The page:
Oceans: on the trail of the mystery of lost plastic
Millions of tons of plastic are thrown into the sea every year, but only a small part is visible. Where does the rest go? Researchers are now one step closer to solving the mystery of lost plastic.
In recent years, images of bottles and bags clumping together in mid-ocean currents or beaches covered in litter have sparked campaigns against throwaway culture. But this visible pollution is only the tip of the iceberg.
So an international team of scientists set out on the hunt, deploying unprecedented efforts to track down the debris.
Some four to 12 million tons of plastic end up in the oceans each year, but scientists estimate that only 250,000 tonnes are present on the surface. And 99% of everything that has been dumped at sea for decades cannot be found.
Degraded by erosion, the sun and the action of bacteria, the density of the plastics changes, they find themselves at the mercy of the currents and once they are carried down to the depths, they become much more difficult to follow.
It’s quite difficult to know where they all are, because there are a lot of processes at work, said a specialist from Newcastle University. Even plastic on the surface can sink and then rise again.
In what could be a real breakthrough, the researcher used a computer model of ocean currents on plastics of three different densities to locate where the fragments cluster after sinking.
The model shows accumulations of plastics at various depths in the Mediterranean, Indian Ocean and Southeast Asian waters, a big waste management problem.
Scientists believe that much of the plastic ends up on the seabed. A recent study had also found microplastics in the entrails of mini-crustaceans living at a depth of nearly 11 km in the Mariana Trench, the deepest known.
Pollution on the shores
Junk disposal experts’ calculations are preliminary, but their results could help identify places for further research and thus better understand the impact of this pollution on ecosystems, with research inspired by the work by oceanographer Eric van Sebille of the Dutch University of Utrecht.
We know about the existence of floating landfills, so it makes sense to focus on them. And surface plastics probably have the most impact because the organisms live mainly near the surface. But if you want to grasp the magnitude of the problem, then you have to go deeper.
Current research focuses on the fact that plastic pollution is now so great that tracking the fragments could provide important insights into how ocean currents work.
Reseachers’ intuition – to be confirmed with more sophisticated model simulations – is that the vast majority of plastic waste dumped in the seas eventually returns to the shores, requiring dumpster rentals to remove that waste. This could explain the discrepancy between the volume entering the oceans and what can actually be observed today.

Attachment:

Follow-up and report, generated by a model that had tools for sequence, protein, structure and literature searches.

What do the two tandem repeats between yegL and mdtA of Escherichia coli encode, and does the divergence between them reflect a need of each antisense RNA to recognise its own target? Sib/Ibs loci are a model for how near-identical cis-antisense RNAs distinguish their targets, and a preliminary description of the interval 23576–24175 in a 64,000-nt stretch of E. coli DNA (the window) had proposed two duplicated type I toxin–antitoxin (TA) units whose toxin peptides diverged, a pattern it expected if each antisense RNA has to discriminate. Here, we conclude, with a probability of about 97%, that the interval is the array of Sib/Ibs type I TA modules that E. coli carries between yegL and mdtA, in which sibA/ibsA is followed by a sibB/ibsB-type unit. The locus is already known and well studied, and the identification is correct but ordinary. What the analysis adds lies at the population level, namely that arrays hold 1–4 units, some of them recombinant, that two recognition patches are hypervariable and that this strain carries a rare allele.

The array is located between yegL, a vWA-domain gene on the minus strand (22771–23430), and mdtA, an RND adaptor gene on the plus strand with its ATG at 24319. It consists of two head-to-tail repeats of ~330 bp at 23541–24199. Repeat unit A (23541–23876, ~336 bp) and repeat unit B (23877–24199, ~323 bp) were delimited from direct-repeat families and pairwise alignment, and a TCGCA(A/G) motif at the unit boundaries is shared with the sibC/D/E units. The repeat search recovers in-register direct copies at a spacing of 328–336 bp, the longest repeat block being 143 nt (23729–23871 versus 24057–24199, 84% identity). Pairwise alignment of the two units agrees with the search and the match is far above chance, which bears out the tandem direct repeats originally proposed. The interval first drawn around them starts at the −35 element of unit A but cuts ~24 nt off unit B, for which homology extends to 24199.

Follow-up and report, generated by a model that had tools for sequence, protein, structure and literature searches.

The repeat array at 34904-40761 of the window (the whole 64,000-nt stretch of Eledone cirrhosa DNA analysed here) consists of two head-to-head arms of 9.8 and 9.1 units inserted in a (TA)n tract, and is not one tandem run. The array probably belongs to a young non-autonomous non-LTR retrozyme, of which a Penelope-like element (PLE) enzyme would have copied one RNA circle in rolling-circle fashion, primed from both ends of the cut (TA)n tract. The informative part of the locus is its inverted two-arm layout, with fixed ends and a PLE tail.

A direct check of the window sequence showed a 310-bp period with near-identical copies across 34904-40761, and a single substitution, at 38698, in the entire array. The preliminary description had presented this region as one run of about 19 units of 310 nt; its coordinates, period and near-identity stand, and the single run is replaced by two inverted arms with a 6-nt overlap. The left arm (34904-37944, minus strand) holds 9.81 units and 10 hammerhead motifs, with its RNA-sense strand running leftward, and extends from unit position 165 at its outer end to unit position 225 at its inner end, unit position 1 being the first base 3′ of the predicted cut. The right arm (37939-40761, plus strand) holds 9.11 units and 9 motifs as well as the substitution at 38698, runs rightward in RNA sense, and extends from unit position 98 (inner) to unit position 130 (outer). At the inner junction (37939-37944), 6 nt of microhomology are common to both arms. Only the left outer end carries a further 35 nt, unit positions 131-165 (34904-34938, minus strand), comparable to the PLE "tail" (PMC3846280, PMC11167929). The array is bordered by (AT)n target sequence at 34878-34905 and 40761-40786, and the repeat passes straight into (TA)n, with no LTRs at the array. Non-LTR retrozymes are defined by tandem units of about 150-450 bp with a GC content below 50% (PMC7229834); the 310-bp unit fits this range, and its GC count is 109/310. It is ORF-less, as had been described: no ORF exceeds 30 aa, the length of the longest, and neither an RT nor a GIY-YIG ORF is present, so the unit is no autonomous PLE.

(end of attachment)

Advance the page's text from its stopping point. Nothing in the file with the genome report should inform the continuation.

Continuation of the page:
The plastic carried by a river towards the sea stays near the coast for a while and can wash up again on land. And a significant part could do that. So focusing on cleaning up coastal areas could prevent this pollution from spreading offshore.
A series of studies on plastic waste were presented at the European Geosciences Union meeting in Vienna recently. One of them highlights contamination of the Forni glacier in the Italian Alps. Italian experts have found between 28 and 74 pieces per kilo of sediment analyzed. This suggests that the glacier contains between 131 and 162 million pieces of plastic.
We have now found microplastics from ocean trenches to glaciers, according to scholars from the University of Milan.
The cost of renting a dumpster in Chattanooga
So if we want to reduce all this plastic waste as well as other types of waste, why not renting a dumpster to remove all the old junk from your home or business? Be it in Tennessee or somewhere else in the USA.
The cost of renting a dumpster in Chattanooga, TN, can vary depending on several key factors. These include the size of the dumpster, the duration of the rental, the type of waste you plan to dispose of, and the specific rental company you choose.
In Chattanooga, as in most places, dumpsters are available in various sizes, typically ranging from 10 to 40 cubic yards. The rental fee increases with the size of the dumpster, with smaller containers being more affordable (click here for more information). On average, you can expect to pay around $250 to $500 for a one-week rental of a 10-yard dumpster, which is suitable for small cleanout projects or minor renovations. Larger dumpsters, appropriate for larger construction projects or extensive cleanouts, can cost between $500 and $900 or more for a week-long rental.
The type of waste you intend to dispose of can also impact the price. Standard household junk or construction debris is usually less expensive to dispose of than hazardous materials, electronics, or heavy materials like concrete and dirt.
It’s important to keep in mind that dumpster rental companies in Chattanooga may have additional charges for permits, overage fees, or specific disposal requirements. To get an accurate cost estimate, it’s advisable to reach out to local dumpster rental providers and obtain quotes tailored to your project’s needs. Comparing quotes from multiple companies can help you find the best deal for your specific situation. Prices may also fluctuate over time, so it’s a good practice to plan your rental well in advance.